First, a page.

A female theatre dresser creates a stir and sparks a revolution in seventeenth century London theatre by playing Desedmona in Othello. But what will become of the male actor she once worked for and eventually replaced?
The film centers on a big Polish family. Jadzia is the mother and the ruler of the Pzoniak family (she has five children). Though she's happily married to Bolek, she is also having a ... See full summary »
A drama exploring the romantic past and emotional present of Ann Grant and her daughters, Constance and Nina. As Ann lays dying, she remembers, and is moved to convey to her daughters, the defining moments in her life 50 years prior, when she was a young woman. Harris is the man Ann loves in the 1950s and never forgets.
This film is about a hyper-vigilant employee of the department of public safety who, while training his young female replacement, has to track down a missing girl who he is convinced is connected to a paroled sex offender he is investigating.
The Amazing Trousers is a comic and Gothic tale, set in Edwardian England. The story follows Henry, a meek loser who agrees to buy a pair of red trousers from a mysterious wheel-chair bound... See full summary »
A comic tale of three would-be entrepreneurs who set out to invent a rocket belt. The clash of their mismatched personalities soon dissolves the business into a morass of recriminations and... See full summary »
Based in the 1660's of London's theaters, this film is about the rules of gender roles in theatre production, and means to change them for everyone's benefit. Ned Kynaston is the assumedly gay cross-dressing actor who has been playing female parts in plays for years, particularly Desdemona in Othello, he also has a close relationship with a member of the Royal Court, the Duke of Buckingham. One day however, the rules of only men playing women could change when aspiring actress Maria auditions as Kynaston's praised role, Desdemona, and soon enough, King Charles II decides to make the law that all female roles should be played only by women. Maria becomes a star, while Ned finds himself out of work. But after a while, Ned finds it in his nature to forgive Maria's aspiration, they may even fall in love, and Charles may proclaim women will be played by either gender. Written by
Inspired very loosely by true events, with many characters based on actual personalities from the seventeenth-century stage. Ned Kynaston did play female roles, but also played male roles before and after women were allowed on stage. He would have been 20 in 1660, when the first woman appeared on stage. Margaret Hughes (Maria) is supposed to have been the first woman to appear in a stage production, aged 30. She did appear as Desdemona in Othello, on December 8 at the theater on Vere Street operated by the King's Company, whose manager was Thomas Killigrew, not Thomas Betterton as the film shows. Betterton was a successful theater manager later, but was only 25 in 1660. Other characters also were not historically the age that they appear to be in the film - Nell Gwynn would have been 10. See more »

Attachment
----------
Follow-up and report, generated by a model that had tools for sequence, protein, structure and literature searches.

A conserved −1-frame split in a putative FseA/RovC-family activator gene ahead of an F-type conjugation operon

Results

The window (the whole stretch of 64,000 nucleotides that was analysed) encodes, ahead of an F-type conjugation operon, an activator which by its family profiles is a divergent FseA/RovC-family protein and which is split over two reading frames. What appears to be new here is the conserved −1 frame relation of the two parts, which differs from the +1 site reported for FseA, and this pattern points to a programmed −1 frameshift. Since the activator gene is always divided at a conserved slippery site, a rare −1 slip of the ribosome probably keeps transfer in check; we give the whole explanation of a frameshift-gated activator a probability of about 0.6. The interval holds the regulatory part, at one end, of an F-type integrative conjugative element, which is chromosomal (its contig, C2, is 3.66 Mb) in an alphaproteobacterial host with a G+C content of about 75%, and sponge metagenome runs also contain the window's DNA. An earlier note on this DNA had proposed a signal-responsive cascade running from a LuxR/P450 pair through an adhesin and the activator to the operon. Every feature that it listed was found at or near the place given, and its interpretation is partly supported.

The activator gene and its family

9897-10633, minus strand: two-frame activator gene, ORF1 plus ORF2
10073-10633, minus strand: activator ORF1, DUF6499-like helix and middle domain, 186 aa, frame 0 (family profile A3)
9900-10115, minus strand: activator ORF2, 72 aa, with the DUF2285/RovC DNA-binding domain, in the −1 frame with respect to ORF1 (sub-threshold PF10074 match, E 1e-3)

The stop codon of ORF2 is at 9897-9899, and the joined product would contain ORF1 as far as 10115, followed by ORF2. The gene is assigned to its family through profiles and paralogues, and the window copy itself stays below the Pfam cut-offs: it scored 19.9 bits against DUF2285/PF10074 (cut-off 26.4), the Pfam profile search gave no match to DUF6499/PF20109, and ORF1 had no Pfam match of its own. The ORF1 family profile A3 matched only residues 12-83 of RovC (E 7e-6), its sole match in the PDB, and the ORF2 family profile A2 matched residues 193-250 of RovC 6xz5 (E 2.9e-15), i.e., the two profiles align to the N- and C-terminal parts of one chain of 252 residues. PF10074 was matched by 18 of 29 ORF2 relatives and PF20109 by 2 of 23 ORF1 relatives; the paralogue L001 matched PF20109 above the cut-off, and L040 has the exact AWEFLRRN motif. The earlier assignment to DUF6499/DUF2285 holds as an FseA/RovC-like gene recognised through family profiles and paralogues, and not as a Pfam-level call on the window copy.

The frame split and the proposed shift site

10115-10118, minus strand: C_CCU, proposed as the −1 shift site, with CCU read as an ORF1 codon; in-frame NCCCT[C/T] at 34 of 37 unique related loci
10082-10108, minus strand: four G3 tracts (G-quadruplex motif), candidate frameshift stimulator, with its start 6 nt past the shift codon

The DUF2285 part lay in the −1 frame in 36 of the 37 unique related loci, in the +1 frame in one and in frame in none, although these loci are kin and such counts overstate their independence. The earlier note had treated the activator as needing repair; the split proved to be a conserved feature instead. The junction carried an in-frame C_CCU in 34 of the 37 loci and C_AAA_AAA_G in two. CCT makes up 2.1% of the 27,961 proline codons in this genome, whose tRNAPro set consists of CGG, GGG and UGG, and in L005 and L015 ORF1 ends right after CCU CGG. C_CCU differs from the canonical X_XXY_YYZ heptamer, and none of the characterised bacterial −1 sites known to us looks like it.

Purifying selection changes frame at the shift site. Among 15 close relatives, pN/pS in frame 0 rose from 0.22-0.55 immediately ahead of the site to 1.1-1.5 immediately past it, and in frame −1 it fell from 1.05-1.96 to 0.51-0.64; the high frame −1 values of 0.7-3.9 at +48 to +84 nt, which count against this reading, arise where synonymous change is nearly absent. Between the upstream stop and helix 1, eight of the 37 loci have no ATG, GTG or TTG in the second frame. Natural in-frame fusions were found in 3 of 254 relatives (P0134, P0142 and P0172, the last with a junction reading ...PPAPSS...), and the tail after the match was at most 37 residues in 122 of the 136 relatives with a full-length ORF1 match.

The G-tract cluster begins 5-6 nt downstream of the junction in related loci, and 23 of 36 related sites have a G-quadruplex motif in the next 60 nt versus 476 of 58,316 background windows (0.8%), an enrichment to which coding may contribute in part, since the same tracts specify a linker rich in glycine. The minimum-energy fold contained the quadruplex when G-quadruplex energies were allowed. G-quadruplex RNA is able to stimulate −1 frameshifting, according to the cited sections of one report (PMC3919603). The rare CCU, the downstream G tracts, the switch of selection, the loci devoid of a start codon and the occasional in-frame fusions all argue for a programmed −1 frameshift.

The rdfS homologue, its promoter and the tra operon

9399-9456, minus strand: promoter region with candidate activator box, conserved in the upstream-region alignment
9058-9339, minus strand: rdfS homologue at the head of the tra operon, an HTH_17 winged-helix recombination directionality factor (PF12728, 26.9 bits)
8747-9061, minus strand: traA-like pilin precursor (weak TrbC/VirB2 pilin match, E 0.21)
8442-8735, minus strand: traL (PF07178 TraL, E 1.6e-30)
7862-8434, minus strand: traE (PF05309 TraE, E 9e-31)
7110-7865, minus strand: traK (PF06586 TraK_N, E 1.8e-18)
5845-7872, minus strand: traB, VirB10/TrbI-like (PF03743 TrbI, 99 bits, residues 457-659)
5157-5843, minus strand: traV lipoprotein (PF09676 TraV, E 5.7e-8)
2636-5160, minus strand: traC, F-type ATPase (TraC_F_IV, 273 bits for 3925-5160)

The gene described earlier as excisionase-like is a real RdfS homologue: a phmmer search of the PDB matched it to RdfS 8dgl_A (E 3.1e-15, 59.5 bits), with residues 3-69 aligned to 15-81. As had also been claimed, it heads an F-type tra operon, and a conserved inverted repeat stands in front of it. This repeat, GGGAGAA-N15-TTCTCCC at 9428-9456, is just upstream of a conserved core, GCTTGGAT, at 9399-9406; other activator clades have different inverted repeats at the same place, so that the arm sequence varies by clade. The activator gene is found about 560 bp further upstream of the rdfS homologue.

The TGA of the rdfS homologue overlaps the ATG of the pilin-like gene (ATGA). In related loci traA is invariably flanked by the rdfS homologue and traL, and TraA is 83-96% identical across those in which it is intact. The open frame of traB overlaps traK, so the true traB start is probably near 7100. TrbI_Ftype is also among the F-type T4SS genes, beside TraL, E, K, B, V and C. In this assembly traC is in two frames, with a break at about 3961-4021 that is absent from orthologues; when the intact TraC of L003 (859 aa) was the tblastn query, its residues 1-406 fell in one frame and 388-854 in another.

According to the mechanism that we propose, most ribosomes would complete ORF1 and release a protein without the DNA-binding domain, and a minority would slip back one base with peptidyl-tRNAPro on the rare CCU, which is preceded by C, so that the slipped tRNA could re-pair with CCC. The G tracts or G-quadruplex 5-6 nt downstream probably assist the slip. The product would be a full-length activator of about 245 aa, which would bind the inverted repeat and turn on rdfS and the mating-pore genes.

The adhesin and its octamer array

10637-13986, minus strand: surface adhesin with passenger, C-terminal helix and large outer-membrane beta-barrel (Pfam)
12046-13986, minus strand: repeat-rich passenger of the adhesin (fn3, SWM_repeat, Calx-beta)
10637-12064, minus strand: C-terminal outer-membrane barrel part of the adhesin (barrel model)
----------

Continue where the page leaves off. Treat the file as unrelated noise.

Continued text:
When Samuel Pepys is telling Kynaston to play a man's role, Kynaston's lips are out of sync with his speech in some shots. See more »
King Charles II:
My astronomers tell me that a star's light shines on long after it has died, even though it doesn't know it.
See more »
We sat for the first few minutes wondering whether we'd come to the right film (expecting a formulaic period romp). And for a little while I was prepared to spend the rest of the evening apologising to my partner for the slowness and oddness of the film. But once our disbelief had been suspended and we'd got used to the cramped feeling of the film (more like a staged version than cinematic at times), we both loved it.
I agree that Claire Danes acted well (though the hyperventilation happened once too often) and Billy Crudup brought a complexity to the role that I rarely see in films. The reference to Shakespeare in Love is an affectionate comparison: I enjoyed the light snack of Gwinny, luvvies and Fiennes and have sat through the DVD time and again. But that film had a predictability that Stage Beauty lacked. We didn't know that Stage Beauty's 'love element' would ever work out.
I do not see the development of the relationship between Danes and Crudup as a conversion from gay to straight. Instead I see a problematic progress from an imposed gender identity (perpetuated through sexual fantasy by Buckingham) to an un"knowing" but more satisfying state, where it's being yourself (whatever that is) not performing a role that counts. I think that this is relevant to all of us as we perform the roles that we and those who've influenced our upbringing have created for ourselves. We can't easily escape them (and some are more hammy than others in their performance) but the knowledge that life is performative and complex is, for me, liberating.
And all that from a costume drama!
23 of 29 people found this review helpful.
Was this review helpful to you?